Researcher changes tune on Better Place

Alex Taylor III, senior editor at large


FORTUNE -- Earlier this month, Fortune's MotorWorld reported on a new study by the British consultancy Trend Tracker that throws cold water on the enthusiasm for electric vehicles by arguing that they are unacceptably expensive and impractical. The report singled out Better Place, the high-profile startup by venture capitalist Shai Agassi, as a case study in questionable EV economics. [See "Better Place gets slammed in new report."]

Within a few days after our column appeared, Trend Tracker withdrew its critical comments on Better Place and replaced them with a neutral description of the company's activities. Toby Procter, one of Trend Tracker's founding directors explained that Better Place had provided it with further information in response to coverage in Fortune as well as the Detroit News.

A big chunk of the new information came when Better Place announced the pricing structure for its battery-swapping venture in Denmark. Consumers will be able to buy a Renault Fluence Z.E. , the only car that has been designed for battery-swapping, for $38,480, including VAT. A home charging station for the electric car will cost $1,876, and monthly usage charges will range between $280 and $562, depending on mileage driven. While that seems high to Americans used to $2.50 gas, the revised report quotes Better Place's assertion that consumers will save 10% to 20% in total cost of ownership due to Denmark's favorable EV policy and the high price of gasoline.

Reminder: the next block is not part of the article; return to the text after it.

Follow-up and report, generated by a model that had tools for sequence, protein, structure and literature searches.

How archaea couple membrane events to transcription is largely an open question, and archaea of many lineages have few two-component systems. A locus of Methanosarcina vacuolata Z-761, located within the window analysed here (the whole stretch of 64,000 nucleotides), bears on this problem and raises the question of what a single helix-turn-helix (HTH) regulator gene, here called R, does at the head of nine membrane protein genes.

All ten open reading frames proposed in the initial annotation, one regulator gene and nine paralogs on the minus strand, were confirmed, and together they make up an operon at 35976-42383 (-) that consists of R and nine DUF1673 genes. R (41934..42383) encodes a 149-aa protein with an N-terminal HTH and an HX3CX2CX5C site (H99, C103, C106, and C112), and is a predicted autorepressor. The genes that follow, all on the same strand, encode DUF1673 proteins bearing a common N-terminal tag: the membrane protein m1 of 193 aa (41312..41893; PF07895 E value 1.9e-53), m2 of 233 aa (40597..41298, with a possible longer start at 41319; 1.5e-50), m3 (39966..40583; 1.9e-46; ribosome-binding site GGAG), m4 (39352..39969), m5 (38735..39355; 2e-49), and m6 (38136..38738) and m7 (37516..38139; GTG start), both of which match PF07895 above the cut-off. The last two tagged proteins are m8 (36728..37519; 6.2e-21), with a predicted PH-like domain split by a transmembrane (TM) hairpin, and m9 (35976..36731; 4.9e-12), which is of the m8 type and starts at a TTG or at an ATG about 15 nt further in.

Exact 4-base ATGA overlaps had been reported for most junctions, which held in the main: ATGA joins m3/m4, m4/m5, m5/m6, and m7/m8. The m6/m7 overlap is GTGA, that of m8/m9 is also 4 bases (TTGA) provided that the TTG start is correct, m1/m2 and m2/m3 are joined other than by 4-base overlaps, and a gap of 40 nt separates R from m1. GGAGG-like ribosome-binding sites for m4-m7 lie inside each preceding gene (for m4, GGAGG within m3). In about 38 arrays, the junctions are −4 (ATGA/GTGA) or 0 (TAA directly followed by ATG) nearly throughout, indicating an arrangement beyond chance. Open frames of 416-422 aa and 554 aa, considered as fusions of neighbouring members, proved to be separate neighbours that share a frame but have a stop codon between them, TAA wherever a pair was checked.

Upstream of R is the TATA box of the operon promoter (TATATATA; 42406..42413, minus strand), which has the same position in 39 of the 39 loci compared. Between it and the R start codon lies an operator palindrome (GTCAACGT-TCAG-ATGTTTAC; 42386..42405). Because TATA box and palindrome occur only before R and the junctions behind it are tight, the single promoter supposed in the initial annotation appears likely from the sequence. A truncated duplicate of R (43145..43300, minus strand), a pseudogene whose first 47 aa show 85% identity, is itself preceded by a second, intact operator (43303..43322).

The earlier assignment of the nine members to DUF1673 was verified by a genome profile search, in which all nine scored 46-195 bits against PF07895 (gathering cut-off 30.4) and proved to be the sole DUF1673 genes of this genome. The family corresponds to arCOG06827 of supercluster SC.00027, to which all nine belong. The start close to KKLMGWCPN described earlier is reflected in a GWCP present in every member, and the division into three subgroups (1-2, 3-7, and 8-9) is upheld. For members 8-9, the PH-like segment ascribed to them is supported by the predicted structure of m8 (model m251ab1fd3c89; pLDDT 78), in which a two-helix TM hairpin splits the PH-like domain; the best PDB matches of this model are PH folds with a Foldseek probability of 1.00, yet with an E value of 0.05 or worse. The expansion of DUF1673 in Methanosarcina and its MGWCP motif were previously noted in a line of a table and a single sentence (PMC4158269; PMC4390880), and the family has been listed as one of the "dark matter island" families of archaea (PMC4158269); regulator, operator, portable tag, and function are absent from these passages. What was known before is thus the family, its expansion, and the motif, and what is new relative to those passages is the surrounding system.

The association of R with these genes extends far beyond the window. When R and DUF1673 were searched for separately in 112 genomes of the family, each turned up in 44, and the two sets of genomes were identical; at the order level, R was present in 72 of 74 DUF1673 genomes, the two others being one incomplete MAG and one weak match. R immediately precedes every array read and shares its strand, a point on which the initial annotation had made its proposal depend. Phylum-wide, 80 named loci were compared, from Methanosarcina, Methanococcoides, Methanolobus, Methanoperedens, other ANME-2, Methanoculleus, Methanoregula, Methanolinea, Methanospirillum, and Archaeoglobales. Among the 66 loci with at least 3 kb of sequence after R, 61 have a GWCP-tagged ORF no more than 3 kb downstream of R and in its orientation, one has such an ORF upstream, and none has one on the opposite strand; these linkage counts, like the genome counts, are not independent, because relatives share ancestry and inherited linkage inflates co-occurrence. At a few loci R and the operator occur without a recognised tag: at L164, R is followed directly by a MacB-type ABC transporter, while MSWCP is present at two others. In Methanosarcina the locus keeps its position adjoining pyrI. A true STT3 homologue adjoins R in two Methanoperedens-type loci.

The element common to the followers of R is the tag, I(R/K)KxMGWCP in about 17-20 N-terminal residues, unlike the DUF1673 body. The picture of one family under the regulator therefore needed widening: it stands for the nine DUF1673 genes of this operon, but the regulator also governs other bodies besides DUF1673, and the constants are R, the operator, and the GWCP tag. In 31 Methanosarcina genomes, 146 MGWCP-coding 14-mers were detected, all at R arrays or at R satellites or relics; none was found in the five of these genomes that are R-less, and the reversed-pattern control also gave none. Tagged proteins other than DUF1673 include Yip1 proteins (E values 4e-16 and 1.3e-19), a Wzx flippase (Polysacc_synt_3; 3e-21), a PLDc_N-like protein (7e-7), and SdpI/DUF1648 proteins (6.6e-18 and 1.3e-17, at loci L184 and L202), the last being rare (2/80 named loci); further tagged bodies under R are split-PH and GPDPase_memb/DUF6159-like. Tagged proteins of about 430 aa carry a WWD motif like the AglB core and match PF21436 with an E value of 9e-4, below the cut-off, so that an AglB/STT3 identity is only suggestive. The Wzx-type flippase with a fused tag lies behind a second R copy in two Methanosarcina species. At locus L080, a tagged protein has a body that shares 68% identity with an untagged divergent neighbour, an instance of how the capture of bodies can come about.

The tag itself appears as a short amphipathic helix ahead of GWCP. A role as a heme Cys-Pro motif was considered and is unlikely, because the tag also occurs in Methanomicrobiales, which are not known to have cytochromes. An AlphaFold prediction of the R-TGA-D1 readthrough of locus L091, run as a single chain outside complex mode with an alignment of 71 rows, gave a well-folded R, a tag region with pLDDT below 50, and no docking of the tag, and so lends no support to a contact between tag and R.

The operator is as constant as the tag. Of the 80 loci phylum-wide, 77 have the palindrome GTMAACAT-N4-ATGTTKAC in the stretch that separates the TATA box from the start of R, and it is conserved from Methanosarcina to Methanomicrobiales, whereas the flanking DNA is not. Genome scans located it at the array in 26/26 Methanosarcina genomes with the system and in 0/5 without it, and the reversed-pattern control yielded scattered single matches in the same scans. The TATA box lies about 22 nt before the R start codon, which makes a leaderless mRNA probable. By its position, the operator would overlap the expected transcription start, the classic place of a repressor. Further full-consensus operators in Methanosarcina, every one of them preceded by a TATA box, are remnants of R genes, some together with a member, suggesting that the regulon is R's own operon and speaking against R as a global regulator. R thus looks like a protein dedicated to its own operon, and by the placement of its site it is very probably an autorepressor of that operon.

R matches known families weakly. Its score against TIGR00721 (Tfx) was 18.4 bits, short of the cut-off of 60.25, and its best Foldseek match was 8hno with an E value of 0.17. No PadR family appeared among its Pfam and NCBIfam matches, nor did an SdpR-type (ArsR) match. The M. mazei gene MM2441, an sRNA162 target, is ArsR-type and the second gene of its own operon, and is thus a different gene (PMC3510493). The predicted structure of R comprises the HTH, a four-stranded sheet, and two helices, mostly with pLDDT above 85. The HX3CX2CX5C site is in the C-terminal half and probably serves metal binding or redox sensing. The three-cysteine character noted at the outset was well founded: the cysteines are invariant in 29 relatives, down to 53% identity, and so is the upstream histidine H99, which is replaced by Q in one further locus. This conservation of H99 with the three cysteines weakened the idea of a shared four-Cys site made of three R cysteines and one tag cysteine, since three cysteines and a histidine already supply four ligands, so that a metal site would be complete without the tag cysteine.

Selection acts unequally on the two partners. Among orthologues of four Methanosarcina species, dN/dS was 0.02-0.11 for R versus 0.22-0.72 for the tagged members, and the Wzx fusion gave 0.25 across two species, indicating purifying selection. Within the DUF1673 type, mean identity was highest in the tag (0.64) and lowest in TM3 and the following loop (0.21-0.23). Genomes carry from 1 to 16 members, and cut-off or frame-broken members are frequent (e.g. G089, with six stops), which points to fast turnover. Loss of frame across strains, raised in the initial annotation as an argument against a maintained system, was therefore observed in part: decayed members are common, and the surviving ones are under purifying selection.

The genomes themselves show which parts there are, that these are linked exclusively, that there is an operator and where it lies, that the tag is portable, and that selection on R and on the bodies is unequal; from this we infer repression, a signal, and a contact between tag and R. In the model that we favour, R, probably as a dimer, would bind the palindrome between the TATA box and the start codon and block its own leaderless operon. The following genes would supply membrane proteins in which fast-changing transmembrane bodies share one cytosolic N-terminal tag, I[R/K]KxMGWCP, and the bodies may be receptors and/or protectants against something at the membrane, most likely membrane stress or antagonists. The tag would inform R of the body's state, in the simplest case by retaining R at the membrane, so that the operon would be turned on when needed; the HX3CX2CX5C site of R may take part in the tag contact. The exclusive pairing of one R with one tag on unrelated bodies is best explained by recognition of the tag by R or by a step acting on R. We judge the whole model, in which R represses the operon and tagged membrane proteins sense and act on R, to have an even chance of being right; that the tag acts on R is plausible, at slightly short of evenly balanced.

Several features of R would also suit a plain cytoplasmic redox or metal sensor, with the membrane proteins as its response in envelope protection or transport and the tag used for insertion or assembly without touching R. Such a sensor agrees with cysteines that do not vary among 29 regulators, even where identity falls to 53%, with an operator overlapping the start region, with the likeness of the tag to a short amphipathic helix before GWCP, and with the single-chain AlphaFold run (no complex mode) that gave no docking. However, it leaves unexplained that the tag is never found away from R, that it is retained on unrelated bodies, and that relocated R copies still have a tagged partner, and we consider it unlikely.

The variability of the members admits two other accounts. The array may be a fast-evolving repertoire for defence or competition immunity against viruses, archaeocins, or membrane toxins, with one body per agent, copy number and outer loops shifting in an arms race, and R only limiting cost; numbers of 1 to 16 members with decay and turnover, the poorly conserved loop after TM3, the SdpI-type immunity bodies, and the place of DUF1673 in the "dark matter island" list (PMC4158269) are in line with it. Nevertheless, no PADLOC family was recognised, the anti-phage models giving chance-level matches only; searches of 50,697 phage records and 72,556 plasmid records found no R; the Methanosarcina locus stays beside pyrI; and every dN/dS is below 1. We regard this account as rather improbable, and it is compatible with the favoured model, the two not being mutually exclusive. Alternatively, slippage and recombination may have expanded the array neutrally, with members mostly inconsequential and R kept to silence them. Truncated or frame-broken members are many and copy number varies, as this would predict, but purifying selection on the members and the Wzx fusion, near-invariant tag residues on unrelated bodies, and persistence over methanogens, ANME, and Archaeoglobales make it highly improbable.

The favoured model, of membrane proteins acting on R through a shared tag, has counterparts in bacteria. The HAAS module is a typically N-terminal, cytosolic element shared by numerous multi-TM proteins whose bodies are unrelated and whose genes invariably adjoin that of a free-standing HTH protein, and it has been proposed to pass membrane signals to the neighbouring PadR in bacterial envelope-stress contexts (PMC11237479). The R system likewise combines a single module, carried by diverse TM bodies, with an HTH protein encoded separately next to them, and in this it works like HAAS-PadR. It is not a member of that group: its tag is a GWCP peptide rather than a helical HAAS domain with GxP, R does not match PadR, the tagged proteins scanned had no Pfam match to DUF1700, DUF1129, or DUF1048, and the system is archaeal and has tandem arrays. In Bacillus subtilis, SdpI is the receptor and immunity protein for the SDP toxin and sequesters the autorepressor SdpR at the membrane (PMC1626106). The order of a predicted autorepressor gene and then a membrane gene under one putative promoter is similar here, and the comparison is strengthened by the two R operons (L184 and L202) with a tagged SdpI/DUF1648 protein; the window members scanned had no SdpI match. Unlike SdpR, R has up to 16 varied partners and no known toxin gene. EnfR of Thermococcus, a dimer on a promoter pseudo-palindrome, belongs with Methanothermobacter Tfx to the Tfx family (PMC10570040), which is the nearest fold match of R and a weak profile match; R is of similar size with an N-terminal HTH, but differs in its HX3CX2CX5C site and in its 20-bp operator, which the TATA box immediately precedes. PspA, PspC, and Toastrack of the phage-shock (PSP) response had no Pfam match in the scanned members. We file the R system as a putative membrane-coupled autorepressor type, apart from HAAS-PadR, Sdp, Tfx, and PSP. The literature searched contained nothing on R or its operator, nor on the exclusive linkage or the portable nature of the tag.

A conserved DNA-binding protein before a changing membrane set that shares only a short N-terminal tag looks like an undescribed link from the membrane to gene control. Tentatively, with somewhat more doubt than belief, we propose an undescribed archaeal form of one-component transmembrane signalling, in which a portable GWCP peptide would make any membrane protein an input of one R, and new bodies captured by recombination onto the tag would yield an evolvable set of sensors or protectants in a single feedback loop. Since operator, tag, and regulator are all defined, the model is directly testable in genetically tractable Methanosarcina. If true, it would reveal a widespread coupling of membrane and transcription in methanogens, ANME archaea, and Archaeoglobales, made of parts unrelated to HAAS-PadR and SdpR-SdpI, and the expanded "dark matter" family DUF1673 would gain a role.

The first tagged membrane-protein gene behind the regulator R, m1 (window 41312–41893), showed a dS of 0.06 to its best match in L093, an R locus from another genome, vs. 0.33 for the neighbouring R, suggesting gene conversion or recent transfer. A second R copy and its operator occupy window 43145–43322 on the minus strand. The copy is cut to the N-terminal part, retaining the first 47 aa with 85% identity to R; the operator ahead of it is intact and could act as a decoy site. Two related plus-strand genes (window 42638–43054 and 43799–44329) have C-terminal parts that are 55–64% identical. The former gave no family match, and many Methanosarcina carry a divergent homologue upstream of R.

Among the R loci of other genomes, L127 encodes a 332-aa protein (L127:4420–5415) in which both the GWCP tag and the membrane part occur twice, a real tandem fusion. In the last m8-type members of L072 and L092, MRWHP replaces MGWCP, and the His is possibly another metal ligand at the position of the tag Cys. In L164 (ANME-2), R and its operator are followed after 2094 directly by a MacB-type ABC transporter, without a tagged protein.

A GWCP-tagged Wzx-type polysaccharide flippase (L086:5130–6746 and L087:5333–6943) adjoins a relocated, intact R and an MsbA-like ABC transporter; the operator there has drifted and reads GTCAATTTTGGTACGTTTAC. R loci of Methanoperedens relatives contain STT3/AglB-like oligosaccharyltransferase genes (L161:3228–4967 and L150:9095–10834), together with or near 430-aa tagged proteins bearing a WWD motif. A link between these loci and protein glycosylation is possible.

The original Trend Tracker report contained a scathing analysis of the risks of a Better Place investment that has been dropped from the new version. Better Place argues that the analysis is wrong and cites as evidence "nearly twelve months of due diligence on our business model" conducted by HSBC before it decided to invest $125 million in Better Place last year. The revised report also cites battery-swapping projects under evaluation in China Korea, Taiwan, Japan and Australia as evidence of Better Place's growth potential.

While providing an uncritical view of Better Place in the new version, Trend Tracker does not change its overall conclusion that EVs are likely to remain very much more expensive and far less useful than their present-day conventional counterparts in the medium term. It estimates EV production would need to increase by an average of two million units per year over 23 years to effectively electrify the global car market by 2050. Even if cumulative EV sales reached 30 million units by 2050, 99% of the world's car park would still be dependent on fossil fuels.

Not surprisingly, Better Place disagrees. Its spokesman tells Fortune: "It's certainly your prerogative to use their forecast although given how fundamentally flawed their two-page analysis of Better Place was, I can only imagine the accuracy of the rest of the 240 page report. There are more credible and well informed reports out there, sizing the market."

Looks like the debate over the future of EVs -- and exactly where Better Place fits in it -- is just heating up. To top of page

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